I have a Beretta 686 Onyx Sporting model with 30″ barrels. After noticing a trend of low shot placement, I tested for “point of impact” using the method you have described in Shotgun Report. (five or six shots while mounting from different angles at 30 yards using the same full choke tube for both barrels).
I found the bottom barrel centers its pattern a full six inches low at 30 yards and the top barrel is on or only one inch high. I called Beretta Repair and they told me this difference was considerable and told me to send the gun in. They shot my gun and found the bottom barrel centered 6 1/4 inches below the top barrel. They returned the un-repaired gun saying “this is within our specifications.”
I called them back to find out what their specifications are. Their specifications are for barrels to shoot within 20 cm (7.88 in.) of each other at 30 meters. I was upset about how Beretta handled the situation and have discussed my claim with their Repair Dept. Mgr. He said their patterns (6 1/4″ difference) were “not even close to the specified tolerance of Beretta.”
What option would you advise? Live with the difference; sell the gun and buy a new one; let Briley rethread and choke the bottom barrel; stick to autoloaders; or any other ideas.
One of the reasons that I always try to buy used guns, rather than new ones is that I can test the point of impact before committing myself. The very design of the O/U “wants” to throw the top barrel higher than the bottom. The makers are well aware of this. Some go to greater lengths to correct this than others. Careful testing and mating of the barrels can easily solve the problem during production, but once those barrels are siamesed and the ribs soldered in place, realignment becomes more difficult.
How bad is a 6″ difference at 30 yards? Well, I dunno. It really depends more on you. I once had a jewel of a solid rib Belgian Browning Superlight. I killed a whole bunch of birds with that gun over many years. I shot that gun better than any I owned. I was particularly good with its second barrel. One day the devil made me test its point of impact. At 40 yards the top barrel was one full pattern high! Aarrgghh! The combined patterns looked like a figure “8”. Aarrgghh! again. I sold it in a heartbeat and bought another B-25 Superlight with proper convergence (which I don’t shoot as well). Possible moral: if you shoot a particular gun well, don’t tempt fate by testing it.
Once I had a Perazzi Comp 1 trench O/U. We had two full Olympic trenches in the area at the time and I doted on them. I was sudden death with the under barrel, but just couldn’t hit anything with my second barrel. You guessed it- it shot high- real high. I should have tested point of impact before I bought it. Live and learn. Dumb ‘n dumber.
Point of impact problems aren’t relegated just to O/Us either. I had a gorgeous little Parker 28 gauge Repro with two barrels. I bought it new, so I had to take what I could get. The short, ic/mod open barrels were dead on. The long mod/full barrels were off. The left, full barrel threw its pattern 1/2 pattern left. Fortunately, Parker Repro had never even bothered to cut the gunmaker’s choke on that left barrel. It was still chromed and had .042″ in it. I sent it back to Parker Repro and they were able to cut the choke on a bias to center the pattern and still keep it nice and tight. If the choke had been properly cut in the first place, there wouldn’t have been enough metal left to do that and still keep a tight choke.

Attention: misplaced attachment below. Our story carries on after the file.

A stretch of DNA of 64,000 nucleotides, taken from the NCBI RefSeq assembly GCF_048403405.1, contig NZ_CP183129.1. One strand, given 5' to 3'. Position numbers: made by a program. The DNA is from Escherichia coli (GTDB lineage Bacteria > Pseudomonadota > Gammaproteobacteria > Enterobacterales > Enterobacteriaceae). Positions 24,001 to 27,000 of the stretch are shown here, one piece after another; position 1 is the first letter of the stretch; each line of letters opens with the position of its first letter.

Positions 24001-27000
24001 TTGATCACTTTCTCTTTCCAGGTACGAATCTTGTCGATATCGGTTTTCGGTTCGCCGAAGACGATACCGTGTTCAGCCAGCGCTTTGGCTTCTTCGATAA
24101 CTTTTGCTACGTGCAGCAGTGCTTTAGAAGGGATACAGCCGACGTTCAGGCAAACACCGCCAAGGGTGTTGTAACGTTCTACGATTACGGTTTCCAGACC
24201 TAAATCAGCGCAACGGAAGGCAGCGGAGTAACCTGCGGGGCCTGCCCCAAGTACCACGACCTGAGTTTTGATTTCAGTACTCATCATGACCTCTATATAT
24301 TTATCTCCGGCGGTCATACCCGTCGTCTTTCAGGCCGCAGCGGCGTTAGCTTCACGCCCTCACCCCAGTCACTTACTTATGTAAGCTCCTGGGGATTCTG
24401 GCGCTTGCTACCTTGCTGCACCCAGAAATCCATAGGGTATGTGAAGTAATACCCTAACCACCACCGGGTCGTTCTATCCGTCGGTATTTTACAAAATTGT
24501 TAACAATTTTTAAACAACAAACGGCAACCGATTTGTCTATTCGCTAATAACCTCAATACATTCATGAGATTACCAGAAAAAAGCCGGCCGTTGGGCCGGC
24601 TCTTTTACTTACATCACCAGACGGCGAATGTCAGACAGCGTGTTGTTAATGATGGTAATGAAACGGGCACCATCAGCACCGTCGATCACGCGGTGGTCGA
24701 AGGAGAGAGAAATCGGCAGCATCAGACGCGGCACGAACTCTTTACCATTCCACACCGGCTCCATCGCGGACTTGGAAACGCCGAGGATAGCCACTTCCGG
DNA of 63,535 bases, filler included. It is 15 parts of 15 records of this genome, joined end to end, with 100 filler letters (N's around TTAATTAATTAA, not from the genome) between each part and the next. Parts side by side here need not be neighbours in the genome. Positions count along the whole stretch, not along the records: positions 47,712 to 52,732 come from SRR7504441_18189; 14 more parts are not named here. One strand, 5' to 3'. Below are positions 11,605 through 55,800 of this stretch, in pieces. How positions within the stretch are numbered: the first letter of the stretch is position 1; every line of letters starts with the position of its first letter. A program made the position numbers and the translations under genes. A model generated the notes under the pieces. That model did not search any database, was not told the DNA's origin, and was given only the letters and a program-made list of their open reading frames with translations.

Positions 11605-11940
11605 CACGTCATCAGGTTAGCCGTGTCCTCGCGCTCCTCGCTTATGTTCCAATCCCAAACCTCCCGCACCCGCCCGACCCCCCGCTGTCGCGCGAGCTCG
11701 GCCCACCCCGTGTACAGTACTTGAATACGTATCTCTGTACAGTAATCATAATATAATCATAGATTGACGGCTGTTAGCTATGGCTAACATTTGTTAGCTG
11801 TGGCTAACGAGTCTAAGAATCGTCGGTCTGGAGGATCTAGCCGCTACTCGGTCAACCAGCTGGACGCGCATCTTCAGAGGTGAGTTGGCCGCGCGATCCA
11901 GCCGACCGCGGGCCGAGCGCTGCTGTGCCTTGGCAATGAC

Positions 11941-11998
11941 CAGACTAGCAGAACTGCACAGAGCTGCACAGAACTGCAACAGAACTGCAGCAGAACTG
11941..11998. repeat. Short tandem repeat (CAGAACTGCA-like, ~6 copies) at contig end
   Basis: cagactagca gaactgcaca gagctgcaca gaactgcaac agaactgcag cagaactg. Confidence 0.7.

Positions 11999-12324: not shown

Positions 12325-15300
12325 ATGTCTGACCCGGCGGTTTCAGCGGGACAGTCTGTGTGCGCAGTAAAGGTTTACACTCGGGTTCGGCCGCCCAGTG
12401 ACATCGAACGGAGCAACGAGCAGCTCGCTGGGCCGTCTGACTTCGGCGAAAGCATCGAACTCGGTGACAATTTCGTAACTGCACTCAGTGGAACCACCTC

Belgian Browning, Perazzi and Parker Repro- quality makers seem to be just as susceptible to misaligned barrels as the more modestly priced guys. Beretta’s standard of 7.88″ at 30 meters is shameful. That would approach 10″ at 40 yards. If you use Warren Johnson’s most excellent “Choke Chooser” pattern analyzer you will note that a maximum legal load of #7-1/2s on an edge-on target at 40 yards has AT BEST a 12″ killing pattern. Do you really want to give up 10″ of your 12″ pattern? I don’t think so, Pietro.
What do to? I would not own a target gun that did not have virtually perfectly combined points of impact. I am a bad enough shot as it is and don’t need any extra grief from the gun. Briley CAN cut you eccentric screw chokes to correct this, but I would never have faith that they would line up perfectly every single time. Perhaps they do, but it would always be in the back of my mind. Every time you had to put the special choke in, you would be reminded that your gun wasn’t quite right. Those chokes aren’t cheap either.
I don’t know about re-threading. That might be an option, but the problem is probably in the alignment of the barrels themselves, not in the threading. The new threads would have to be put in at an angle and your gun may not have enough extra steel in the barrels to accommodate this.
Personally, I would sell the gun to one of your closest competitors. A good candidate would be the last guy to beat you in a shoot-off.
Whether you buy another O/U or an auto is up to you. I shoot clay targets with both O/Us and gas guns, but perform best and most consistently with the gas guns. It is easier to adjust the fit of a gas gun, the barrel point of impact is never a problem and the reduced recoil makes them easier to shoot well. The O/Us do have some advantages, but their shortcomings are more important to me. If you do get another O/U, I’ll bet that you test the point of impact of both barrels before signing that check.
Shotgun Report’s Technoid
(Often in error, never in doubt.)